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Angry Tias & Abuelas of the Rio Grande Valley

Abbott’s migrant roundup order still blocked

Good.

A federal judge in El Paso on Friday extended her order blocking Gov. Greg Abbott’s directive to state troopers to pull over drivers transporting migrants “who pose a risk of carrying COVID-19.”

U.S. District Judge Kathleen Cardone lengthened her restraining order by another two weeks after a hearing Friday, according to a court filing. Her original order on Aug. 3 was set to expire Friday.

In July, Abbott ordered state troopers to pull over civilian drivers giving rides to recent immigrants who may be infected with the virus and redirect the drivers to their origin point. If the driver didn’t comply, the troopers should seize their vehicles, the order said.

Soon after, the U.S. Department of Justice sued Texas and Abbott, describing the governor’s executive order as “dangerous and unlawful.”

In the lawsuit, the DOJ said Abbott’s order would disrupt federal immigration officials’ network of contractors and nongovernmental organizations that help host recently arrived migrants while their legal cases are pending.

See here and here for background on the suit filed by the Justice Department. There’s also now another lawsuit filed by the ACLU on behalf of several groups; as far as I know there has not yet been a hearing for that. In keeping with my earlier posts, I don’t know how this is likely to play out, but as a rule any time Greg Abbott and Ken Paxton lose in court, it’s probably a good thing.

Another lawsuit filed against Abbott’s migrant transport order

Bring them on.

Immigrant rights groups backed by the American Civil Liberties Union filed a federal lawsuit against Texas Governor Greg Abbott over his executive order restricting the transportation of migrants, claiming it goes against federal law and amounts to racial profiling at the southern border.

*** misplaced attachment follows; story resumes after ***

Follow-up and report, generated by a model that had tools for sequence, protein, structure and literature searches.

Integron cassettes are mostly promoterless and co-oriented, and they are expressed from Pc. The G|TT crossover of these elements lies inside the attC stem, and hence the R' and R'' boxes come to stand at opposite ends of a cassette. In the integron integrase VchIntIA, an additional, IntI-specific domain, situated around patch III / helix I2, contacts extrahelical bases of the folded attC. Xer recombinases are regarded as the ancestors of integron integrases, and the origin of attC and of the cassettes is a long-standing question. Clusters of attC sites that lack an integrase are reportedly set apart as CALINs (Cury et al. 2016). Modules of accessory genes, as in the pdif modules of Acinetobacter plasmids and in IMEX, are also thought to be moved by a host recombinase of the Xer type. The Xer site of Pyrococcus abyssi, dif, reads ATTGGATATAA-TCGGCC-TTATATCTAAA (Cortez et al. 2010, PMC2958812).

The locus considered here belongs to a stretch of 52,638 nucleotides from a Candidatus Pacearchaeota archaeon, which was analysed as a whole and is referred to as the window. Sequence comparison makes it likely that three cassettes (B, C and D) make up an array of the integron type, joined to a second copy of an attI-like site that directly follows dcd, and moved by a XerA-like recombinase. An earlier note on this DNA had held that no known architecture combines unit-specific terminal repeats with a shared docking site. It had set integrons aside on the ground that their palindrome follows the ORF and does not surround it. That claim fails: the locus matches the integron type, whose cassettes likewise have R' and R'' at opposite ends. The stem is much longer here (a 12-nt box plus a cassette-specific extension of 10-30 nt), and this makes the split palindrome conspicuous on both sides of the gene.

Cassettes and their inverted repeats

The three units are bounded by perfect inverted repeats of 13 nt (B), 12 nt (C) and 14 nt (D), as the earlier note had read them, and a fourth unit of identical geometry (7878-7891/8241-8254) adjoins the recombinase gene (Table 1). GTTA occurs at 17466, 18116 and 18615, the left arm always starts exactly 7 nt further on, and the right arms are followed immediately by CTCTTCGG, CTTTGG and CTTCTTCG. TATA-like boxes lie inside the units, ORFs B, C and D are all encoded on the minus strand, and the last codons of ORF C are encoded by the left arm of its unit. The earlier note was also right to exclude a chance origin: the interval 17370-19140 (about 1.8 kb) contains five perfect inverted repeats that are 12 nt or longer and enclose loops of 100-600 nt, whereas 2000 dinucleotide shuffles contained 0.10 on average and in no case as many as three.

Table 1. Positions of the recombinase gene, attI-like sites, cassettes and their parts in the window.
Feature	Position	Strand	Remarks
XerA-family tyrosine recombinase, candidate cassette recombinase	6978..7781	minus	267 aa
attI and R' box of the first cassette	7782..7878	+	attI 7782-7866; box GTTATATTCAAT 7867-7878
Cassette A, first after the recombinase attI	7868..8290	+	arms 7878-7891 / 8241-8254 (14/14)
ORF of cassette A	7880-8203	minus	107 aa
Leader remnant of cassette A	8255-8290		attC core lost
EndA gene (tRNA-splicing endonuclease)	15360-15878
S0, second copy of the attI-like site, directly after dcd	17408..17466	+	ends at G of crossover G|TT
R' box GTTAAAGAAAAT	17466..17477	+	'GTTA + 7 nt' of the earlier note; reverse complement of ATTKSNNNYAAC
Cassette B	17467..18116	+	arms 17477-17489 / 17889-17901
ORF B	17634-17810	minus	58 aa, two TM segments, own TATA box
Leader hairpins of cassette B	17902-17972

The legal challenge was brought by the nonprofit Annunciation House, a migrant shelter provider in El Paso, along with immigrant advocacy groups Angry Tias & Abuelas of the Rio Grande Valley and FIEL Houston,. They are represented by attorneys with the ACLU’s Immigrants’ Rights Project and the ACLU of Texas.

This lawsuit, filed late Wednesday in El Paso federal court, comes six days after the U.S. Department of Justice sued Abbott to block the order. On Tuesday, a federal judge in that case issued a temporary restraining order blocking enforcement of the order until a hearing on an injunction can be held.

Echoing the DOJ’s claims, the ACLU and immigration groups allege that the order violates the supremacy clause of the U.S. Constitution by attempting to regulate the movement of migrants, which is for the federal government to decide. They also say the order unlawfully attempts to regulate the federal government.

[…]

In Wednesday’s lawsuit, the ACLU argues the order will directly impact people who have been released from the federal government’s custody into the country to await their immigration hearing. Those people will be unable to get any form of transportation after being released from CBP custody, according to the complaint, which points out that state law enforcement officials would be taking migrants back to CBP after the agency released them.

The groups also claim the order allows Texas police to racially profile travelers along the border region.

“It directs state officers to make their own determinations about passengers’ immigration status, wholly independent of the federal government, and to impose harsh penalties based on those unilateral immigration decisions,” the lawsuit states. “It opens the door to profiling, standardless detention, questioning, vehicle seizure, rerouting, and heavy fines. The executive order is already having a profound chilling effect on people’s movement in border communities and throughout the state.”

In addition, the immigrant advocacy organizations say they will be directly affected by the order if it is allowed to be enforced. Annunciation House transports migrants who have been released from federal immigration custody to its facility, which houses migrants in the El Paso area. Angry Tias funds numerous services for migrants, including a taxi service that is kept on retainer. Both groups say they would be unable to provide such services under the governor’s order, would face having their vehicles impounded and would be left with no way of assisting migrants.

See here and here for background on the suit filed by the Justice Department. As before, I don’t really know enough to say much of value – I’m not fully clear on the differences in the claims made by the two groups of plaintiffs. It may be that this suit winds up getting combined with the other one, as often happens. Whatever the case, I’m rooting for the plaintiffs. The Texas Signal and Daily Kos have more.